Colonial Premiers like Alfred Domett, who presided over the invasion of the Waikato in 1863, absolutely despised the Treaty, and continually described it as an irrelevant document. They held this view because, according to the Maori who had set up the King Movement and other ‘rebellious’ organisations and also according to the colonial office in London, the Treaty really did allow for Maori to exercise legal authority within their rohe.

The British would hardly have inserted article 71 into the Constitution Act of 1852 if they believed that the Treaty was incompatible with Maori legal autonomy. Article 71 states quite clearly that Maori tribes may run their realms and make their own laws if the British governor or the colonial assembly agrees.

Vincent O’Malley has pointed out that in 1861, when Governor Gore Browne sided with the land-hungry settlers in the colonial assembly and prepared to start a war to suppress the de facto state the King Movement had established in the Waikato, his superiors in London rebuked him, and urged him to use article 71, and let the Kingites run their own affairs and make their own laws.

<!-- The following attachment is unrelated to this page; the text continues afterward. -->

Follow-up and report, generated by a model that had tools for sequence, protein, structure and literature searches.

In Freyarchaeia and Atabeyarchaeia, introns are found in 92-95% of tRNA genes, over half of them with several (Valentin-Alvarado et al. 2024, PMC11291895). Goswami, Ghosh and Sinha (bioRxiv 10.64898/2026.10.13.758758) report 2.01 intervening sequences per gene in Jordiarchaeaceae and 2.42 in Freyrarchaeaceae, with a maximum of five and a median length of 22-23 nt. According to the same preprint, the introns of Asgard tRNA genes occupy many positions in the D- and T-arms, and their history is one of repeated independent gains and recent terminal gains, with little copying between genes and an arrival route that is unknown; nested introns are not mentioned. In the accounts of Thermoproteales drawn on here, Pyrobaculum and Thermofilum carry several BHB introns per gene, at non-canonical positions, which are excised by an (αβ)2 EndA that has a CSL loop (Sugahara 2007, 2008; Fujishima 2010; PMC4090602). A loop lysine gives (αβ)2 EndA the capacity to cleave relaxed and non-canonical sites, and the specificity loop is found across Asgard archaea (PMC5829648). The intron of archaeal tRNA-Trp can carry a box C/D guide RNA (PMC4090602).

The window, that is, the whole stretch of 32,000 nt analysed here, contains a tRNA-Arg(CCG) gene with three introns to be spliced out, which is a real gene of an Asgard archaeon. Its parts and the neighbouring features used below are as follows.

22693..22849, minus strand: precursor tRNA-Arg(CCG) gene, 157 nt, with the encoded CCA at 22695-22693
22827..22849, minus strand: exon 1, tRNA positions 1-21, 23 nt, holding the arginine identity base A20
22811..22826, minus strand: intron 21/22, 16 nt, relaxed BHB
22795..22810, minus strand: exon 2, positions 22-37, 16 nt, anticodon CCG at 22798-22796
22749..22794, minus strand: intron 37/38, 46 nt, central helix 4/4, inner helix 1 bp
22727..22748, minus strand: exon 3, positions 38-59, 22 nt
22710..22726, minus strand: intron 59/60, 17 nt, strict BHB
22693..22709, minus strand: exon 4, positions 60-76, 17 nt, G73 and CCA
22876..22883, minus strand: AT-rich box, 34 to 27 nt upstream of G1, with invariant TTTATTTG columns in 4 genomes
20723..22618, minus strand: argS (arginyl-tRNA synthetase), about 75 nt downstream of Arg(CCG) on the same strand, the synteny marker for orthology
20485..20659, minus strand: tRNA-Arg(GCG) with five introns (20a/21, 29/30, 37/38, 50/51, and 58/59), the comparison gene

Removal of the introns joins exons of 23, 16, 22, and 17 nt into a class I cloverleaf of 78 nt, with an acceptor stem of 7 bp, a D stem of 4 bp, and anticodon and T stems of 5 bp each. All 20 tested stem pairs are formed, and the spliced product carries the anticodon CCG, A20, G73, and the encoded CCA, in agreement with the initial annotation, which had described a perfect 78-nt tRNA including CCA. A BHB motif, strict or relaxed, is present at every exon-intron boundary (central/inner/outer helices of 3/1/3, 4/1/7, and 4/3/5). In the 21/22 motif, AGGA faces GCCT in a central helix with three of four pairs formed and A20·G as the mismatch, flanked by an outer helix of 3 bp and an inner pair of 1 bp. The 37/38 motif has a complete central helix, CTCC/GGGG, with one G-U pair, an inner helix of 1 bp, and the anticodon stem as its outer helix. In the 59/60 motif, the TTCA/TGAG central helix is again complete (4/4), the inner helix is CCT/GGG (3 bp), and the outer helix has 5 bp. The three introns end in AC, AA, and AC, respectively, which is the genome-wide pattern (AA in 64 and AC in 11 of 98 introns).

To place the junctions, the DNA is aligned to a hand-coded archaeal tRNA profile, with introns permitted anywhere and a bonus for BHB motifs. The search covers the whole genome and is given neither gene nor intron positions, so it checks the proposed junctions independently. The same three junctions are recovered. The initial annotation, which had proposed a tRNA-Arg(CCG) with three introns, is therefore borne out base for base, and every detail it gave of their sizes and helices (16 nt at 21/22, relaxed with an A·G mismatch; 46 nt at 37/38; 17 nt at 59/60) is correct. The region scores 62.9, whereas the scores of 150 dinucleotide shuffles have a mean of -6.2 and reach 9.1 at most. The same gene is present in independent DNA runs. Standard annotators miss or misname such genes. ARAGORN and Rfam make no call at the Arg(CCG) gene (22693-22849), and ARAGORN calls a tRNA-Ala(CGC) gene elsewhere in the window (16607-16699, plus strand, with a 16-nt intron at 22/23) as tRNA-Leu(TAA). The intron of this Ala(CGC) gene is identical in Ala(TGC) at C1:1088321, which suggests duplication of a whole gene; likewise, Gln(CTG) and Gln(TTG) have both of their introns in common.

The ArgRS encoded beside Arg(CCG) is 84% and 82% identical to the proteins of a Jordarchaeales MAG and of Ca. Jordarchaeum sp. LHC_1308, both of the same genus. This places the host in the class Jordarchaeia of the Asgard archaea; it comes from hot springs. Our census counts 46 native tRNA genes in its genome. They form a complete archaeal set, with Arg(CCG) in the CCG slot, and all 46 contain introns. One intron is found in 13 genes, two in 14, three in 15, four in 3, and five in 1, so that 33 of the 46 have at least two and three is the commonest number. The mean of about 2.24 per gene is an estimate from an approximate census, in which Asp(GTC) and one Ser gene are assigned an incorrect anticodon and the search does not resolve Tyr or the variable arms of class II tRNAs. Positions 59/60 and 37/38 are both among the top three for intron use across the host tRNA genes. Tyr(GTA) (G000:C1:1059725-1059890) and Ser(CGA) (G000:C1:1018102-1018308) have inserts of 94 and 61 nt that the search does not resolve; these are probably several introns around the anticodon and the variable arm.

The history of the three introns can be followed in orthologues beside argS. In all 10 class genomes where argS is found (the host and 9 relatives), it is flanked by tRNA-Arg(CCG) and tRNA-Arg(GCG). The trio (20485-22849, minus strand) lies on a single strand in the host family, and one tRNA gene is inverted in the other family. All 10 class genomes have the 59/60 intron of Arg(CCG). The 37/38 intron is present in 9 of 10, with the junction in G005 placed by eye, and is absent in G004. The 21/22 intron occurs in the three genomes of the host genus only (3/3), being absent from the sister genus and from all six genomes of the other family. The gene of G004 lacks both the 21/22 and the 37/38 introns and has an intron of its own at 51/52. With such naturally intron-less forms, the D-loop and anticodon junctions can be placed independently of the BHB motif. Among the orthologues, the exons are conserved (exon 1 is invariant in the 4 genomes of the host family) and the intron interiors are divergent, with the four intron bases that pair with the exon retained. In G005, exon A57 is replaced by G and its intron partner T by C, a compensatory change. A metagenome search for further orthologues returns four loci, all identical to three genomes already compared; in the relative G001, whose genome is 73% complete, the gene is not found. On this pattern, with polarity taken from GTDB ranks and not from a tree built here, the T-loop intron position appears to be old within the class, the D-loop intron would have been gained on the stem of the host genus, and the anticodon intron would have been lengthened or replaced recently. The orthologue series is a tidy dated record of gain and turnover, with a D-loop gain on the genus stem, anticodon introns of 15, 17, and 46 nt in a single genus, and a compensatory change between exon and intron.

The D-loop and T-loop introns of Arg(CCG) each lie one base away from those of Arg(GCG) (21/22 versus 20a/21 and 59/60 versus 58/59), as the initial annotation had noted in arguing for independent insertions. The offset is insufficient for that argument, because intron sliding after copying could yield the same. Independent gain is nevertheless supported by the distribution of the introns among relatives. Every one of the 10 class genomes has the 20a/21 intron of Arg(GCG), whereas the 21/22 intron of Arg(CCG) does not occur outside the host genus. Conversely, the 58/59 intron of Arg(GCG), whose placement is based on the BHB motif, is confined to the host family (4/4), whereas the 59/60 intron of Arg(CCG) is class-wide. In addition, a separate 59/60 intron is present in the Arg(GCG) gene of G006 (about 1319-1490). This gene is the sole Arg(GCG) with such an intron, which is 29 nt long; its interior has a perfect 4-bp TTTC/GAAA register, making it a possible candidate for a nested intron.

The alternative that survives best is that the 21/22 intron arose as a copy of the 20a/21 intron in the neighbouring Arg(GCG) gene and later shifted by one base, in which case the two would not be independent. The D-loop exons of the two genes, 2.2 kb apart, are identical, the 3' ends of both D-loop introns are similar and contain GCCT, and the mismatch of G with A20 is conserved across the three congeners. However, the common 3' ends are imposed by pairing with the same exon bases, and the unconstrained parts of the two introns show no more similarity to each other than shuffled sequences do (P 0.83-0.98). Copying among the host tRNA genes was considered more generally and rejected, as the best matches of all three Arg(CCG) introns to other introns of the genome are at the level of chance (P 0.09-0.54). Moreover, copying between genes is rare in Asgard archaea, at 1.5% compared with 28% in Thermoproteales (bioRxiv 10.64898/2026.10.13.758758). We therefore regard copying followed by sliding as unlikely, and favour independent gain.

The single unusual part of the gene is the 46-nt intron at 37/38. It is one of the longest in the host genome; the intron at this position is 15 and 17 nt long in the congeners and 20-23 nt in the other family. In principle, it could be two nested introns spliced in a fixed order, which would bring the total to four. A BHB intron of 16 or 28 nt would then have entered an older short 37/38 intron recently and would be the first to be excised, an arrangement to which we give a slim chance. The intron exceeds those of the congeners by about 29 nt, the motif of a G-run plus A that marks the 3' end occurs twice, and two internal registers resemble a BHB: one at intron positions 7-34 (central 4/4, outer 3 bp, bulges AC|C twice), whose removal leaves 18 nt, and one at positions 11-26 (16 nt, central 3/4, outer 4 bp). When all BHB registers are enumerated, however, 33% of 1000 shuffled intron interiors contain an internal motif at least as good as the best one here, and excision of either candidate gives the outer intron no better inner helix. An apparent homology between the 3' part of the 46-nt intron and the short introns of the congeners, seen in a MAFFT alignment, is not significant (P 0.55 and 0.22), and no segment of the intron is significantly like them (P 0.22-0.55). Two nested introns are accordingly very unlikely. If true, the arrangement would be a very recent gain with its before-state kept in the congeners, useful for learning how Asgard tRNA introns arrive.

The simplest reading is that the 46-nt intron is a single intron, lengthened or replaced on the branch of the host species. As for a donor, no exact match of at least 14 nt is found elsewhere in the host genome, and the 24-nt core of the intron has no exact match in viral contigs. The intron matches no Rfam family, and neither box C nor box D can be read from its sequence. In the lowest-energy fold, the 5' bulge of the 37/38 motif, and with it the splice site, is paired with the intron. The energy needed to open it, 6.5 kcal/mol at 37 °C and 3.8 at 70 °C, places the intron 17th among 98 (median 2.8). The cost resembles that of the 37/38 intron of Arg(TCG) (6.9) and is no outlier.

Like the American constitution, the Treaty is a document that inevitably means different things to different people at different times. It is up to us to decide what the Treaty means today.

But the question of what most Maori and the British Crown and settlers thought the Treaty meant in 1840 and for decades after is relatively easy to answer. We only have to look at what Maori and British and settlers did and said to see that they believed that the document did not extinguish all Maori sovereignty, and did not preclude the possibility of Maori making their own laws.

PS Let me just offer a link to something I wrote a couple of years back in response to Kitty’s claim that ‘Maori were not the first people here anyway’: